This is the view of civic organisation, Pietermaritzburg Economic Justice and Dignity.
Speaking to The Mercury yesterday, Mervyn Abrahams, of the organisation, said because local municipalities and metros added their own increases to the approved Eskom tariff hikes to account for higher annual costs of providing electricity, the actual electricity tariff increase in July was likely to be higher than 13.8%.
In Pietermaritzburg, the average electricity consumption for households living on low-incomes is 350 kilowatt-hour (kWh) per month.
Currently, 350kWh costs R529.34 per month on a prepaid electricity tariff system. A 13.8% hike in electricity tariffs will increase the monthly cost of 350kWh by R73.04, to R602.38.
Abrahams said the R80 increase on the pension would be entirely wiped out.
“Pensioners now must face 2019 with no buffer to protect their families against goods and service price increases.
“On pensions already set at poverty-level values, and because of the critical role pensions play in supporting families, this is an indictment on the state,” he said.
EThekwini Municipality spokesperson Msawakhe Mayisela said it was anticipated that the huge increase would impact on price elasticity that would see consumers looking at alternative energy suppliers. “We will accordingly experience, as per the last five years, a decrease in sales,” he said.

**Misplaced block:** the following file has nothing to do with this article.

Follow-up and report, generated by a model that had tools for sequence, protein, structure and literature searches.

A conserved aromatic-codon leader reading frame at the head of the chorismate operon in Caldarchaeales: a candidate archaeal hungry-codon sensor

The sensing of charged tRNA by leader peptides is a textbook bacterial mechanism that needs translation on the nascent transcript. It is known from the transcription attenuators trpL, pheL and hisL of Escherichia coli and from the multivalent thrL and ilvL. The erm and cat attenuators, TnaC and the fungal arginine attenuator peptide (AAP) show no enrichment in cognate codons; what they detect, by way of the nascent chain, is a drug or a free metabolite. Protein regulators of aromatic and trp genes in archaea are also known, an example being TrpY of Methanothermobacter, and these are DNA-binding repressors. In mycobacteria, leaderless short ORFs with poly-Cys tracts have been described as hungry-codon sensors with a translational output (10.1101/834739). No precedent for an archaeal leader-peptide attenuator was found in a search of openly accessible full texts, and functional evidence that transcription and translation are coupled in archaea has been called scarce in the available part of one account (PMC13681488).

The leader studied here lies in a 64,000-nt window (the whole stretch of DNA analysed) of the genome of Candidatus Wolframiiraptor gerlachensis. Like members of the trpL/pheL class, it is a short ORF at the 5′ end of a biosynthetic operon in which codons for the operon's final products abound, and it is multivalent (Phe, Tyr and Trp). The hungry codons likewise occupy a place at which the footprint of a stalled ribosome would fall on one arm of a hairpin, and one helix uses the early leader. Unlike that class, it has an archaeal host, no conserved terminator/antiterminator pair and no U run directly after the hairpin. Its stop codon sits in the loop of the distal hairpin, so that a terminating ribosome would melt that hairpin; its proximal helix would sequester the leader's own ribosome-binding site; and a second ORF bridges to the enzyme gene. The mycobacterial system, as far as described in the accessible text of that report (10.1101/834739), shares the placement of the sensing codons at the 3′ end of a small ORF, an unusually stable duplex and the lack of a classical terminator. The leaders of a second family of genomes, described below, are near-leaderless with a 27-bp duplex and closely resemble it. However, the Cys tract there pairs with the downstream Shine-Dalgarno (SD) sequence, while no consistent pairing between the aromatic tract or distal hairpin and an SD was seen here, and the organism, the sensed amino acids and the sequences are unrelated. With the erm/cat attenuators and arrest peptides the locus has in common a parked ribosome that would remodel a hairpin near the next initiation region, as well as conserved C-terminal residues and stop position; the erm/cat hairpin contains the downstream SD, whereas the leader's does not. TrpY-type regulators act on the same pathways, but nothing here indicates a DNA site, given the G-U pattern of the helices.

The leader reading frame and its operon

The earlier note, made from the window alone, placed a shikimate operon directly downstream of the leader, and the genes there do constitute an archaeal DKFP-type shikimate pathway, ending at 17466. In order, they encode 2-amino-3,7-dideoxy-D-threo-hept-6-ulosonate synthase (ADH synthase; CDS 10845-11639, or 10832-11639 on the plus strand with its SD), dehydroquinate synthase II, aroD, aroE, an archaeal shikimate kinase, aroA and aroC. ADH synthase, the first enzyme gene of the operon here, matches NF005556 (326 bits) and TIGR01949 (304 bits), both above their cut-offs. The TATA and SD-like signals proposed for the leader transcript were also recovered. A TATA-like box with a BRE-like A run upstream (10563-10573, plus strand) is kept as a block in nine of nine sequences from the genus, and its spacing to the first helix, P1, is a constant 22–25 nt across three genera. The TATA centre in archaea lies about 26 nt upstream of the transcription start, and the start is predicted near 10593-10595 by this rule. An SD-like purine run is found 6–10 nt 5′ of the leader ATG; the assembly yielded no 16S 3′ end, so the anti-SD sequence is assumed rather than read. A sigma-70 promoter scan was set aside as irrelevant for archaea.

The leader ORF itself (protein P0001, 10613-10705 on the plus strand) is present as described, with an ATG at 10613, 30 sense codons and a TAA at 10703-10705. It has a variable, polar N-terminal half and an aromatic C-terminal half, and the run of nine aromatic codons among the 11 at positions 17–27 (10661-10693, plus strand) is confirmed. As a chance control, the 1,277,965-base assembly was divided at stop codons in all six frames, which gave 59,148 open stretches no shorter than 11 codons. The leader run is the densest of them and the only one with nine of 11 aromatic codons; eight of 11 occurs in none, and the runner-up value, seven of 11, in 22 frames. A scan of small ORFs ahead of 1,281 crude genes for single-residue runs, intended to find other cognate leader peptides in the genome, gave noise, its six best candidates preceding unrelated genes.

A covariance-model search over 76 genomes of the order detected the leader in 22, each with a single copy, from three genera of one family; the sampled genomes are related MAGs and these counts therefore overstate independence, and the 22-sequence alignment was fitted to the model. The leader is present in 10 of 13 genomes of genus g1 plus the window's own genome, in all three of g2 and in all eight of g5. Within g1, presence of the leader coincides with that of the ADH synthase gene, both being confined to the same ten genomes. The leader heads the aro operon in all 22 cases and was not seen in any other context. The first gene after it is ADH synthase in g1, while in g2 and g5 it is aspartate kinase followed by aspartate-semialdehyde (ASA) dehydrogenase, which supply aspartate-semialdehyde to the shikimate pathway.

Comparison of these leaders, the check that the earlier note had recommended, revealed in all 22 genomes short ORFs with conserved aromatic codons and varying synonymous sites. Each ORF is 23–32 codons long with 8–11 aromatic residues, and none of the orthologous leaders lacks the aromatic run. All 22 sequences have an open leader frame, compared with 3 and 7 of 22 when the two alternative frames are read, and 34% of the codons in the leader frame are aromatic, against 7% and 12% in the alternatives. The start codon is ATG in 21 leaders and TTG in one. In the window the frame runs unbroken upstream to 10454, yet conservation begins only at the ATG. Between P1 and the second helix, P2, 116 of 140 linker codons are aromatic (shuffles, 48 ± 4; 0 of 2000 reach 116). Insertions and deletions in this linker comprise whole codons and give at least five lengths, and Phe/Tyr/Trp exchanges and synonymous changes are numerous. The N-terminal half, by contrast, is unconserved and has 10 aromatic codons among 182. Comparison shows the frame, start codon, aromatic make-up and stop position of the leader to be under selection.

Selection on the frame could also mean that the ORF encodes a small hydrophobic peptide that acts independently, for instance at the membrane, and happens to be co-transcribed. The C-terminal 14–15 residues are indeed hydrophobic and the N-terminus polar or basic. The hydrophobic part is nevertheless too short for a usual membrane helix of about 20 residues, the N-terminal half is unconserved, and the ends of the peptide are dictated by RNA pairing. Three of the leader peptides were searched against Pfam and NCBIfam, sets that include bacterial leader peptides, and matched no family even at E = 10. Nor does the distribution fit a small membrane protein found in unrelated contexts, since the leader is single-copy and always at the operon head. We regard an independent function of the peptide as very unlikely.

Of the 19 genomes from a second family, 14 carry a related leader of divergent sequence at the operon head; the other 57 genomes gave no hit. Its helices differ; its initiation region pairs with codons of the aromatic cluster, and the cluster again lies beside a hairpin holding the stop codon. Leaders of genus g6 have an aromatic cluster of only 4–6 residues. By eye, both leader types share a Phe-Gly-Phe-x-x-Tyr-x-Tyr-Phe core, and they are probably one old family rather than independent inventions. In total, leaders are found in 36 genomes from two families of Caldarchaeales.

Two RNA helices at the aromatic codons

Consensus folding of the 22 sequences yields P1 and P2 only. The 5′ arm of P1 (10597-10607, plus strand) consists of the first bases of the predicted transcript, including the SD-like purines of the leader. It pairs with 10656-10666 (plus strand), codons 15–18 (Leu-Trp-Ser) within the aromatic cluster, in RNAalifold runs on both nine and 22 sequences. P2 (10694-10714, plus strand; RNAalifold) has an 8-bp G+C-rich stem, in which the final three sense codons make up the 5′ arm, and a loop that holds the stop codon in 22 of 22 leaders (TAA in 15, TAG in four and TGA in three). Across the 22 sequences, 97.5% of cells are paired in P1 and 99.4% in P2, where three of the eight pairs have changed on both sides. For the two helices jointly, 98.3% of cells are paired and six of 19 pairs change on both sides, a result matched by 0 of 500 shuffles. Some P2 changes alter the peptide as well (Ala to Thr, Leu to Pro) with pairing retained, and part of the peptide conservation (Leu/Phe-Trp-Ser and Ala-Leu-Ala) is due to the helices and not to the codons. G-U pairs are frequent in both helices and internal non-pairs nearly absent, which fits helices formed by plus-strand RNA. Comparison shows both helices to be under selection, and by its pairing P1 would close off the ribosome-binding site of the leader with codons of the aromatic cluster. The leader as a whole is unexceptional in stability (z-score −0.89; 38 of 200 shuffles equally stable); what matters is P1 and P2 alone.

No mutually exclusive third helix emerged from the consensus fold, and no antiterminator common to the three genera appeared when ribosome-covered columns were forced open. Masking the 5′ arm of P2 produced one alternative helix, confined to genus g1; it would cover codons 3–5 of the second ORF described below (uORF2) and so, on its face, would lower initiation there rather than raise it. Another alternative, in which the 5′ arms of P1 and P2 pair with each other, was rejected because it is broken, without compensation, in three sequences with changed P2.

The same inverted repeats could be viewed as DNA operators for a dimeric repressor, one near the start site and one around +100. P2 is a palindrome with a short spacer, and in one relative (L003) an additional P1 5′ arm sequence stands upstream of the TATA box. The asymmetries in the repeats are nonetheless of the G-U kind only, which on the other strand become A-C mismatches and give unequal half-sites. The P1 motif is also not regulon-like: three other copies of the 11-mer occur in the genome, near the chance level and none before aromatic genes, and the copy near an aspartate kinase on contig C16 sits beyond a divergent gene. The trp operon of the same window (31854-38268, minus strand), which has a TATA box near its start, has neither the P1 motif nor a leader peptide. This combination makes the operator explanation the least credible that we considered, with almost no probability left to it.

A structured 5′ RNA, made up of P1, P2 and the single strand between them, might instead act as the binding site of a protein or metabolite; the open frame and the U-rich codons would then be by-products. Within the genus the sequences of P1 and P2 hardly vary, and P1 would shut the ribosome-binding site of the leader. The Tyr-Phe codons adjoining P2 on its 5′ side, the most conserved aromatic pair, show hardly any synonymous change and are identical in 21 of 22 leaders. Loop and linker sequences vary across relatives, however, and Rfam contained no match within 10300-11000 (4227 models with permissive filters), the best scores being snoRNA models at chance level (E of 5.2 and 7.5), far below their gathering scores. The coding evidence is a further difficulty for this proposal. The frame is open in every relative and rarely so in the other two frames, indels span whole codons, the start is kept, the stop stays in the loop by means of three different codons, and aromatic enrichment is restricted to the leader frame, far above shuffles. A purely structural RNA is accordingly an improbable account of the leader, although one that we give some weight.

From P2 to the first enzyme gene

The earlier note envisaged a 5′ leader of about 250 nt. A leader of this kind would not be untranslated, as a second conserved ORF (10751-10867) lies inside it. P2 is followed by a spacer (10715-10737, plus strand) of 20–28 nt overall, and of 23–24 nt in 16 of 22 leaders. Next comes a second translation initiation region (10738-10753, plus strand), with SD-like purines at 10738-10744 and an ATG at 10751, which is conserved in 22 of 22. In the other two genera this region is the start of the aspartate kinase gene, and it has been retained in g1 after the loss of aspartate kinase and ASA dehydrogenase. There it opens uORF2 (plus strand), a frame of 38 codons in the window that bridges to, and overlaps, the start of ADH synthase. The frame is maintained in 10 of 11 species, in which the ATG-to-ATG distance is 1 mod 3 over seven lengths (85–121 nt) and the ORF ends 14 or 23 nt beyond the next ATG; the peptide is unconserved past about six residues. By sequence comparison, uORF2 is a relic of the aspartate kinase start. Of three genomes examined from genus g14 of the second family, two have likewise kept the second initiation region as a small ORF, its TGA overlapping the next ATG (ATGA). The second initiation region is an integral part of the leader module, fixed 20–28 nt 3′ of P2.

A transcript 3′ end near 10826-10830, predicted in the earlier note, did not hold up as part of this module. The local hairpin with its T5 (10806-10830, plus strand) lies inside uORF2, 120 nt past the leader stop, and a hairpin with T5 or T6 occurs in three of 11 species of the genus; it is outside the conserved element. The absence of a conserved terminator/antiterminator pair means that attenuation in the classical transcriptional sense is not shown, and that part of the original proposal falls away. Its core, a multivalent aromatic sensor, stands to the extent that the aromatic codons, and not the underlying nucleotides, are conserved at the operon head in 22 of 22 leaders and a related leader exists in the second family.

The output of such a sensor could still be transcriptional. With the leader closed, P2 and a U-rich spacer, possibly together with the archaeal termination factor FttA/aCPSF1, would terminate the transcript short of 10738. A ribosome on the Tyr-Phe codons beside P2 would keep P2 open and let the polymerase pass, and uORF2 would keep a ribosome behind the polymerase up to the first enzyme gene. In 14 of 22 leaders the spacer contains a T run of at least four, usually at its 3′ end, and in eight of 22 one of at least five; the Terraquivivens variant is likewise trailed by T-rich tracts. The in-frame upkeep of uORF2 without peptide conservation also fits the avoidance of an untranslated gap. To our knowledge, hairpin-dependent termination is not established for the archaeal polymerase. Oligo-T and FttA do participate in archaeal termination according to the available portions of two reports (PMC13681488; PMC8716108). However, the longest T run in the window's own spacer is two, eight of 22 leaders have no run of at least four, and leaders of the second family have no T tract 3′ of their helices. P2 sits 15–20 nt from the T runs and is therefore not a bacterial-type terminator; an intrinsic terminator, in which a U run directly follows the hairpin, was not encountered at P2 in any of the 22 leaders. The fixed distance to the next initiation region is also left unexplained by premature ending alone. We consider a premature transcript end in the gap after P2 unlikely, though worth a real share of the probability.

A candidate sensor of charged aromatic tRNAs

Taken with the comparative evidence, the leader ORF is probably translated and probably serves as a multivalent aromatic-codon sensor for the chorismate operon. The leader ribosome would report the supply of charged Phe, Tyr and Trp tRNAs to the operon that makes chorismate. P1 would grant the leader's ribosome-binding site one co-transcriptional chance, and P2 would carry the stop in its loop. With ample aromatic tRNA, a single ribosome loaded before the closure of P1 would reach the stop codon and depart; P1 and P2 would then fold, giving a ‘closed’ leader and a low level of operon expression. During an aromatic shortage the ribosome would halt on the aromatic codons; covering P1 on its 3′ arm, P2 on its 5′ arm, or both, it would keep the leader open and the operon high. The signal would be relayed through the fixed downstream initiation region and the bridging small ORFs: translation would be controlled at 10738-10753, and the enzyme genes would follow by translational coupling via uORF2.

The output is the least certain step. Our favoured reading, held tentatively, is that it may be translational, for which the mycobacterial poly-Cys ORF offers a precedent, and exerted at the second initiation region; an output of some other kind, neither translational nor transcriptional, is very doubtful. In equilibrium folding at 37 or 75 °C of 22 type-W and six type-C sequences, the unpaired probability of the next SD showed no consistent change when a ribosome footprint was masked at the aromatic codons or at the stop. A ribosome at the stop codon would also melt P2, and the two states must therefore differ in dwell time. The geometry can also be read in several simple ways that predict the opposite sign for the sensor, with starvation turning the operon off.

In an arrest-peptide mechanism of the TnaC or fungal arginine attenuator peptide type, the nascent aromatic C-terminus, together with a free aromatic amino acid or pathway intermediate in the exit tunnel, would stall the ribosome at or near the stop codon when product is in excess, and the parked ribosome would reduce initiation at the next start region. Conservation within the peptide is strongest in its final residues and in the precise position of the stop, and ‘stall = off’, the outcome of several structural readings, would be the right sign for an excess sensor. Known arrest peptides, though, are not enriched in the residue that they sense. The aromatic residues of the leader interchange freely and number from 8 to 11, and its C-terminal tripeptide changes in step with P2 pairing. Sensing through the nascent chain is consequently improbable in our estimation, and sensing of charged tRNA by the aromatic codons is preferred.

He added that the outstanding debt by eThekwini consumers did not impact on payment for bulk purchases to Eskom.
“We always pay Eskom by the due date. The collection rates for electricity is almost 99%,” he said.
The chief executive officer of Debt Rescue, Neil Roets, said the fact that electricity was increasing at almost three times the rate of inflation was something the government did not seem to consider.
“The price of Eskom electricity on top of the substantial fuel increase has hit consumers like a ton of bricks. Consumers are no longer able to fund the lavish lifestyles and corrupt practices of our government who have been unable to keep the lights on,” he said.
Efficient Group chief economist Dawie Roodt said the tariff increase was the first of many.
“Eskom is hopelessly bankrupt. It is massively overstaffed. The situation at Eskom is dire with debt exceeding R420billion, gross operational failures, general mismanagement and corruption is still very much the order of the day,” Roodt said.
Bluff Ratepayers’ Association chairperson Ivor Aylward said increases had affected a number of small businesses and restaurants.
“We are not getting any richer. When things get better and other costs are decreased, the cost of food still remains high. How are people meant to cope? We are just trying to keep our heads above the water,” he said.
The president of the Durban Chamber of Commerce and Industry NPC, Musa Makhunga, said it urged the business community to ensure there were contingency plans in place to maintain productivity levels especially for plants which run 24-hour production cycles and construction sites with high- powered equipment.